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The changing landscape. Year Ten and information evening for parents . Summer 2013. Familiar Landscape. The I deal Adults. Self-Confident Organised Cooperative Motivated. Tolerant Enthusiastic Punctual Determined. rGCSE Skills. Finding things out for yourself

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The changing landscape

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    1. The changing landscape Year Ten and information evening for parents.

    2. Summer 2013

    3. Familiar Landscape

    4. The Ideal Adults Self-Confident Organised Cooperative Motivated Tolerant Enthusiastic Punctual Determined

    5. rGCSESkills • Finding things out for yourself • Working with others • Thinking things over • Not giving up • Being accountable

    6. The educational landscape has shifted BBC News EDUCATION & FAMILY GCSE exam brand name under scrutiny By Sean Coughlan BBC News education correspondent MailOnline - English oral exam is cut from GCSE: Teachers accused of marking it too generously Tuesday 17 September 2013 HOME»EDUCATION Michael Gove: my revolution for culture in classroom Why we must raise education standards so children can compete with rest of the world MailOnline - Endless re-sits devaluing GCSEs: Employers and parents hit out at schools that churn out 'exam robots' as tougher tests see biggest drop in top grades

    7. Exams: a linear landscape

    8. Linear Landscape Overview • Two year courses June 2015 Exams • Controlled Assessments from Sept 2013 to May 2015 across most subjects Exceptions • Science at the end of Y10 • Foundation Exam for Level 4-6 Maths students

    9. The teenage landscape?

    10. Or the teenage landscape?

    11. Study Habits and Independent Learning Y10 Subject Support Every Wednesday 3.45 – 4.45pm

    12. The wider landscape: “Busy students are successful students.” • Developing positive relationships beyond the classroom. • Encouraging participation in other aspects of school life for CV building

    13. Attendance & Leave of Absence • The Government has changed the regulations so that there is no assumption that students can be granted ten days leave of absence/holiday. • We are now instructed to allow time off only for “exceptional circumstances.” • This means that we will not be granting leave for family holidays. • Please fill in a request form - available on website or from office.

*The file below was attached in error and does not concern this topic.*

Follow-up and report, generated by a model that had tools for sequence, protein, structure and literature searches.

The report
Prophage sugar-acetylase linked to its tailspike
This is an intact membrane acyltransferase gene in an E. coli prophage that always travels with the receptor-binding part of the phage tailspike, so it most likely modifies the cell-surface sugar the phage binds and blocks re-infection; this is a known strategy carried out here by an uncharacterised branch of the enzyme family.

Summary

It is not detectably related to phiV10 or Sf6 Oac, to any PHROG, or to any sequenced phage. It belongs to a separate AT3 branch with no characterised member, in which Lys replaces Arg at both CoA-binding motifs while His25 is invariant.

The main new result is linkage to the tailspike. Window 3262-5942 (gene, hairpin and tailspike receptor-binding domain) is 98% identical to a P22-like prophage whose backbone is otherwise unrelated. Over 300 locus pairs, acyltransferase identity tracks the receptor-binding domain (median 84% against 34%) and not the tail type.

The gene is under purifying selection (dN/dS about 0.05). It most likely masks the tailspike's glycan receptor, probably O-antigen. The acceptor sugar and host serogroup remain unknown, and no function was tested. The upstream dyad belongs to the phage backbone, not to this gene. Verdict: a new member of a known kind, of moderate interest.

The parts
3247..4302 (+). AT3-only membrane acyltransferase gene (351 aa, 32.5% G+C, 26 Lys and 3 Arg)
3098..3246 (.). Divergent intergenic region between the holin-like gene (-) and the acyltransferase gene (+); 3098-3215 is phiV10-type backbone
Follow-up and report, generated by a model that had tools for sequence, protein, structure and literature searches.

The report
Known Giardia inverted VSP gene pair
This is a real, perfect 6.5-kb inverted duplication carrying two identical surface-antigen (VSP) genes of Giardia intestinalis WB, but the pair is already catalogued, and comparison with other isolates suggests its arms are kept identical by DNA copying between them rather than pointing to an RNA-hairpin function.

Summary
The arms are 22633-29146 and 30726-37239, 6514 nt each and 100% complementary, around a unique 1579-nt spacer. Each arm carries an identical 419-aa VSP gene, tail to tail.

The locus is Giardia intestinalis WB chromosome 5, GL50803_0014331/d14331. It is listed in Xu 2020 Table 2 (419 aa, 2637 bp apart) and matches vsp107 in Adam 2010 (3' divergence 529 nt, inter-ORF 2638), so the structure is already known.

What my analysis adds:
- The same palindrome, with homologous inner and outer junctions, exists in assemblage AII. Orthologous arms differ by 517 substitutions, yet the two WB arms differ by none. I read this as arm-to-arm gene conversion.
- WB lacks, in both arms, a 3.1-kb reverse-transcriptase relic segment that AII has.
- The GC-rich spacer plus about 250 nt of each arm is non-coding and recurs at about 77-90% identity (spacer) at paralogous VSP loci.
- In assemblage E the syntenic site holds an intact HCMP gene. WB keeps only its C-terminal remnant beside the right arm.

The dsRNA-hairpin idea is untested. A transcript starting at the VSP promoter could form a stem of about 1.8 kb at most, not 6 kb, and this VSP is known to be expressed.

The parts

15. Connect Four

    16. You may have come up with the connection of fairy tales. Two key skills required for GCSE English Language and Literature. The images are all posters of modern interpretations of well known fairy tales.

    17. Two GCSEs English Language and English Literature Both courses comprise a mixture of exams and controlled assessment. Our students take the AQA course.

    18. English Language Course English Language Unit One – Reading and Writing Non-fiction texts. An exam worth 60%. English Language Unit Two – Speaking and Listening. Teacher assessed and doesn’t contribute to final grade. English Language Unit Three – Controlled Assessment. Teacher assessed worth 40%.

    19. English Language Course English Language Unit One – exam worth 60% Section A: Reading • Retrieving information and making inferences. • Making and explaining connections. • Interpreting texts. • Comparing two texts and analysing the effects of language. Section B: Writing • Writing for a specific purpose. • Writing for a specific audience. • Writing in a particular form. • Using language, form and structure for effect.

    20. English Language Course • English Language Unit Three – Controlled Assessment worth 40% • Two creative writing tasks – writing for in a particular form, for a specific audience and purpose. • One piece of writing analysing Spoken Language (could be their own use of spoken language). • One essay that assesses reading. Students respond to a question about character of themes in ‘Of Mice and Men’.

    21. English Literature Course • Unit One, Exploring Modern Texts – exam worth 40% • Unit Two, Poetry Across Time – exam worth 35% • Unit Three, Shakespeare and the English Literary Heritage – controlled assessment worth 25%

    22. Year Ten • We concentrate on completing Unit Three English Language Controlled Assessment. • This allows students to develop the skills required to be successful in both the Language and Literature exams at the end of year eleven. Understanding Interpretation Analysis Comparison